A refreshed Python toolbox for building complex digital hardware
Although nMigen is incomplete and in active development, it can already be used for real-world designs. The nMigen language (
nmigen.hdl.dsl) will not undergo incompatible changes. The nMigen standard library (
nmigen.lib) and build system (
nmigen.build) will undergo minimal changes before their design is finalized.
Despite being faster than schematics entry, hardware design with Verilog and VHDL remains tedious and inefficient for several reasons. The event-driven model introduces issues and manual coding that are unnecessary for synchronous circuits, which represent the lion's share of today's logic designs. Counterintuitive arithmetic rules result in steeper learning curves and provide a fertile ground for subtle bugs in designs. Finally, support for procedural generation of logic (metaprogramming) through "generate" statements is very limited and restricts the ways code can be made generic, reused and organized.
To address those issues, we have developed the nMigen FHDL, a library that replaces the event-driven paradigm with the notions of combinatorial and synchronous statements, has arithmetic rules that make integers always behave like mathematical integers, and most importantly allows the design's logic to be constructed by a Python program. This last point enables hardware designers to take advantage of the richness of the Python language—object oriented programming, function parameters, generators, operator overloading, libraries, etc.—to build well organized, reusable and elegant designs.
Other nMigen libraries are built on FHDL and provide various tools and logic cores. nMigen also contains a simulator that allows test benches to be written in Python.
nMigen is based on Migen, a similar Python-based hardware description language. Although Migen works very well in production, its design could be improved in many fundamental ways, and nMigen reimplements Migen concepts from scratch to do so. nMigen also provides an extensive compatibility layer that makes it possible to build and simulate most Migen designs unmodified, as well as integrate modules written for Migen and nMigen.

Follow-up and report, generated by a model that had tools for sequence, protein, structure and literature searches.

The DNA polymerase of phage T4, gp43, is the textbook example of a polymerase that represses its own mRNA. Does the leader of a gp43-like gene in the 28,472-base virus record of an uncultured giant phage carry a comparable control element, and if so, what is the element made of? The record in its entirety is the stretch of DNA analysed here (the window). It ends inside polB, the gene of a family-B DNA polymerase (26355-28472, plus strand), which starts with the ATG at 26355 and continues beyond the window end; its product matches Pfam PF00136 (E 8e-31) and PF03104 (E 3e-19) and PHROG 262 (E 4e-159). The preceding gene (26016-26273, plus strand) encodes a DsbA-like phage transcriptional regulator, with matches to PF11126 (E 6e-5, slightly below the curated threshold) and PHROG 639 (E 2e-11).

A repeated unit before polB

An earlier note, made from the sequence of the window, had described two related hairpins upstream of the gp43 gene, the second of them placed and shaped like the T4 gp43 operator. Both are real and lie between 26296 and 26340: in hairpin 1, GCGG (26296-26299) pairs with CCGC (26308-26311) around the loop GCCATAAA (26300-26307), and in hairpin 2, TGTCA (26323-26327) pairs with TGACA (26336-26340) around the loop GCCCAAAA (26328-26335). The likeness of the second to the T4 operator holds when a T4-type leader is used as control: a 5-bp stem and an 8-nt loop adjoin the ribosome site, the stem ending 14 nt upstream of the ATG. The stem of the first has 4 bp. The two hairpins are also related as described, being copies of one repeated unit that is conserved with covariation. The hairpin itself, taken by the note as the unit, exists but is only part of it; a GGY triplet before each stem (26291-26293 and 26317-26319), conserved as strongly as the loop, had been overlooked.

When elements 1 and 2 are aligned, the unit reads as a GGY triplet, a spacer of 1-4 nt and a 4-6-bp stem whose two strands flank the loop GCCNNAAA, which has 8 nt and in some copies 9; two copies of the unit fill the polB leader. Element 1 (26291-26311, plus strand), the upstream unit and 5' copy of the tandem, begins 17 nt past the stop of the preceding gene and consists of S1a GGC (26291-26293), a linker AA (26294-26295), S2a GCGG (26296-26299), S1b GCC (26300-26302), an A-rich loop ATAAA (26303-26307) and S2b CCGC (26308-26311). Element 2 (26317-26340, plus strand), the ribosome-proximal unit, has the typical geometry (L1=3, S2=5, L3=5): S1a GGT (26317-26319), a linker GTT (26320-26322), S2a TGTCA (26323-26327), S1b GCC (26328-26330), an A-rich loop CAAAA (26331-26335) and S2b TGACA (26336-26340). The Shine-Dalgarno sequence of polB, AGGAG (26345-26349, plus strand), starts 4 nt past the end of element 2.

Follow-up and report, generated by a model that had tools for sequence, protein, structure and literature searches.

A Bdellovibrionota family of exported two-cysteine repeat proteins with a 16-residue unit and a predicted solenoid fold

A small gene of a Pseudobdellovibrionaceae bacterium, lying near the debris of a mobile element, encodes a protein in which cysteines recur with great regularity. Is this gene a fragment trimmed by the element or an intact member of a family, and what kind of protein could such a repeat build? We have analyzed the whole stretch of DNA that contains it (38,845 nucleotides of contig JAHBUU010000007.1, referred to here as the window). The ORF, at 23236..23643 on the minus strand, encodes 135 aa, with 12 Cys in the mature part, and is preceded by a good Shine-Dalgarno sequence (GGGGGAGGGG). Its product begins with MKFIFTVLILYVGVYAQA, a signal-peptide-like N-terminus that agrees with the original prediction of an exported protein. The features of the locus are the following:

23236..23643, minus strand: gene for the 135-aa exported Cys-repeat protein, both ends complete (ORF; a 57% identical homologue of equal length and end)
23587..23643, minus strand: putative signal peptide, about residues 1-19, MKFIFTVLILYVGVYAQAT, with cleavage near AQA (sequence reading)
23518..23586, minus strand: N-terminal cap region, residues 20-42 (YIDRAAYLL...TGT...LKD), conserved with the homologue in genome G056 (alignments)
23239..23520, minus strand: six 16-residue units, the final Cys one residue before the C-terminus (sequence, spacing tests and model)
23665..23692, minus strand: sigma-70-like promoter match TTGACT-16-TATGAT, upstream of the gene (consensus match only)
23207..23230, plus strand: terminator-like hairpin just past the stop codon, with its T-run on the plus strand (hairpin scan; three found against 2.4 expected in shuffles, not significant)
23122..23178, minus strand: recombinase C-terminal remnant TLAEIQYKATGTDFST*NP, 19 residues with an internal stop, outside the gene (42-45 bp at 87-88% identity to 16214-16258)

See the Introduction section of the documentation.
See the Installation section of the documentation.
nMigen can be used to target any FPGA or ASIC process that accepts behavioral Verilog-2001 as input. It also offers extended support for many FPGA families, providing toolchain integration, abstractions for device-specific primitives, and more. Specifically:
- Lattice iCE40 (toolchains: Yosys+nextpnr, LSE-iCECube2, Synplify-iCECube2);
- Lattice MachXO2 (toolchains: Diamond);
- Lattice MachXO3L (toolchains: Diamond);
- Lattice ECP5 (toolchains: Yosys+nextpnr, Diamond);
- Xilinx Spartan 3A (toolchains: ISE);
- Xilinx Spartan 6 (toolchains: ISE);
- Xilinx 7-series (toolchains: Vivado);
- Xilinx UltraScale (toolchains: Vivado);
- Intel (toolchains: Quartus);
- Quicklogic EOS S3 (toolchains: Yosys+VPR).
FOSS toolchains are listed in bold.
Migration from Migen
If you are already familiar with Migen, the good news is that nMigen provides a comprehensive Migen compatibility layer! An existing Migen design can be synthesized and simulated with nMigen in three steps:
- Replace all
from migen import <...>statements with
from nmigen.compat import <...>.
- Replace every explicit mention of the default
sysclock domain with the new default
syncclock domain. E.g.
ClockSignal("sys")is changed to
- Migrate from Migen build/platform system to nMigen build/platform system. nMigen does not provide a build/platform compatibility layer because both the board definition files and the platform abstraction differ too much.
Note that nMigen will not produce the exact same RTL as Migen did. nMigen has been built to allow you to take advantage of the new and improved functionality it has (such as producing hierarchical RTL) while making migration as painless as possible.
Once your design passes verification with nMigen, you can migrate it to the nMigen syntax one module at a time. Migen modules can be added to nMigen modules and vice versa, so there is no restriction on the order of migration, either.
nMigen has a dedicated IRC channel, #nmigen at libera.chat. Feel free to join to ask questions about using nMigen or discuss ongoing development of nMigen and its related projects.
nMigen is released under the very permissive two-clause BSD license. Under the terms of this license, you are authorized to use nMigen for closed-source proprietary designs.